Sunday, June 20, 2010

Movie Review # 1: The Karate Kid

I don't plan on doing a lot of movie reviews on this blog, but I just saw the new Karate Kid movie with my wife's family in California, and I was very pleasantly surprised.

If you don't know the basic story of The Karate Kid then I'm ashamed to call you a fellow human, but here's a basic rundown anyway:  Little kid is weak, gets beat up all the time.  Little kid meets old chinese martial arts master.  Training sequences.  Little kid beats up rivals in an organized martial arts tournament. The end.

This new version of the 1984 classic was pretty true to that basic storyline, but with some interesting twists that, in my opinion, allowed this film to surpass its predecessor(s) by great lengths.  Moving the setting to China was one of the most intelligent ones.  This allowed the movie to tap into a lot more of the mysterious, ancient kung-fu feel that the original only hinted at.  Even simple, brief additions such as a field trip to the Forbidden City added so much to the film's atmosphere.

There were some surprisingly intense and exciting action sequences.  Many of the scenes towards the beginning, where Jaden Smith (Will Smith's son--Will Smith is also one of the producers of the film) was getting his trash kicked, were gut-wrenching.  I expected the rest of the film to follow Jaden's training and righteous revenge cycle . . . and it did, but with some very unexpected surprises.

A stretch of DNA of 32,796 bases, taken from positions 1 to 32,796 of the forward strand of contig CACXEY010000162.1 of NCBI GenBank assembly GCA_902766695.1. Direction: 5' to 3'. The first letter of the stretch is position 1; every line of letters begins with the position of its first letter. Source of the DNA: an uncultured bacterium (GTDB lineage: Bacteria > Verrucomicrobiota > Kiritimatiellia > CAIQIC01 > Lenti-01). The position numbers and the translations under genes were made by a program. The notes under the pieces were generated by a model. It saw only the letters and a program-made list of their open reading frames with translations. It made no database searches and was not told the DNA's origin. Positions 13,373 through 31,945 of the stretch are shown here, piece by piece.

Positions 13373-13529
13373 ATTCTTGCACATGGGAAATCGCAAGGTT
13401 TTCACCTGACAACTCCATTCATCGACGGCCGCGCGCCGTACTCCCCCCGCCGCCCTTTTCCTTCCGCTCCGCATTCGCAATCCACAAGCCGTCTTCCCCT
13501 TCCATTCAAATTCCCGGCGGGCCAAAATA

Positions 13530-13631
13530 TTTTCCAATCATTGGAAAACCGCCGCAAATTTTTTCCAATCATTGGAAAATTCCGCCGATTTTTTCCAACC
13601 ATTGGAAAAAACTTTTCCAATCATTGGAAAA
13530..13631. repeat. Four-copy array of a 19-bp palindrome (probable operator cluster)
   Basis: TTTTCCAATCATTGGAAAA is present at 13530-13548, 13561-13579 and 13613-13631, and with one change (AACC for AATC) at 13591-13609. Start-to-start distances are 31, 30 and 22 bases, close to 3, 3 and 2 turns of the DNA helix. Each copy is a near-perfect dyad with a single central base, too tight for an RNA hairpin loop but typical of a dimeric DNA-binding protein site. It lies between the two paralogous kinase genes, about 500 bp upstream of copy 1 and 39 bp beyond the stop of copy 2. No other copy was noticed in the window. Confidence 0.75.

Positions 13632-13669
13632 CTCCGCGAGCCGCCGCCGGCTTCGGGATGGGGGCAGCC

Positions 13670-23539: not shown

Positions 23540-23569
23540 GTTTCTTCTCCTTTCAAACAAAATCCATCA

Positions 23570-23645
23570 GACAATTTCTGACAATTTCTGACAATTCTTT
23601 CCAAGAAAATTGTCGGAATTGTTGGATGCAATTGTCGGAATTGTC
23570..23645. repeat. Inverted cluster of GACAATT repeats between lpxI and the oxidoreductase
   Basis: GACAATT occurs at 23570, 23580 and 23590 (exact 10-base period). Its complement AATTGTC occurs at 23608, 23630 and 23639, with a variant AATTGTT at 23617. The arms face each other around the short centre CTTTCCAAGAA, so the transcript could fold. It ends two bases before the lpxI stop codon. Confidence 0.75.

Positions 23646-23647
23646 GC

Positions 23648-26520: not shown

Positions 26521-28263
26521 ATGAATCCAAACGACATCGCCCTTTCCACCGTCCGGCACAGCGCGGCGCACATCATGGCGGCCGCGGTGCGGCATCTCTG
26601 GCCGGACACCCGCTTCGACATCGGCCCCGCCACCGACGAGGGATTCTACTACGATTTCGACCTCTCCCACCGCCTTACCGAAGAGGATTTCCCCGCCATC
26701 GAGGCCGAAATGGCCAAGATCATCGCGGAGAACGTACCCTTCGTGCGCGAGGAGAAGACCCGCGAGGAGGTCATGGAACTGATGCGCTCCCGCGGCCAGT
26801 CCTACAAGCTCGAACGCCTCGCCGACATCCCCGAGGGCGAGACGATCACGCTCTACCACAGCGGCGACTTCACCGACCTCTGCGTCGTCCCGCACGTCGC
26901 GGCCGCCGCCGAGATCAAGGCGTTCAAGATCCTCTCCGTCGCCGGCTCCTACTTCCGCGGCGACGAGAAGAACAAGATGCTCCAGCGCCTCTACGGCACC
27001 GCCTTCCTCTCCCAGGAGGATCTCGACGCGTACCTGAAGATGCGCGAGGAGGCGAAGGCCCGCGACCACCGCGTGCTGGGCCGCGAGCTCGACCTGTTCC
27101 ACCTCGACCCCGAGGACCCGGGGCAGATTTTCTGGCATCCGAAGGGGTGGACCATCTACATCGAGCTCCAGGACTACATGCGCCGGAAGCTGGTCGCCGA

First of all, the movie was actually pretty funny.  Whether because of banter between Jaden Smith and Jackie Chan, a dance-off in a Chinese arcade, or a number of other scenes, I found myself laughing along for much of the way.

But what the new Karate Kid did that was lightyears ahead of its predecessor was to make me forget about the physical conflict in favor of an emotional one.  I'll freely admit, I enjoy a good fight scene in a movie or literature as much as (and usually more than) the next guy.  But emotional conflict, involving relationships and people's feelings, is where the meet of any story really is.  And this movie surprised me by making me forget about the physical conflict for a time and focus on the relationship between Jaden and Jackie Chan's character (which, in my opinion, is one of Chan's best performances to date).  The way the two characters interact and grow together was pleasantly surprising, and both actors did a great job at showing the progression.  There were one or two parts where the movie was trying too hard to emphasize the emotion, but overall I thought it worked very well.

And, once Chan and Jaden overcome their obstacles, there are some pretty sweet mini-kung-fu fights, albeit overshadowed by a ridiculous Street Fighter-like big screen scoreboard and replay screen.

I'll mention again the surprisingly good performances from Chan and Jaden Smith--I think these two really carried the movie to new heights.  Jaden's Chinese crush-interest doesn't do too shabby of a job, either.  The writing was already not half bad, but they made it even better.  And, although I can't help but feel that the movie was one big birthday present for Jaden Smith, it was still a fantastic remake.

I'm worried about the damage sequels may do to this surprisingly good remake, but for now I'll just bask in the movie's success.

My Rating:  * * * * * (5/7 stars)

No comments:

Post a Comment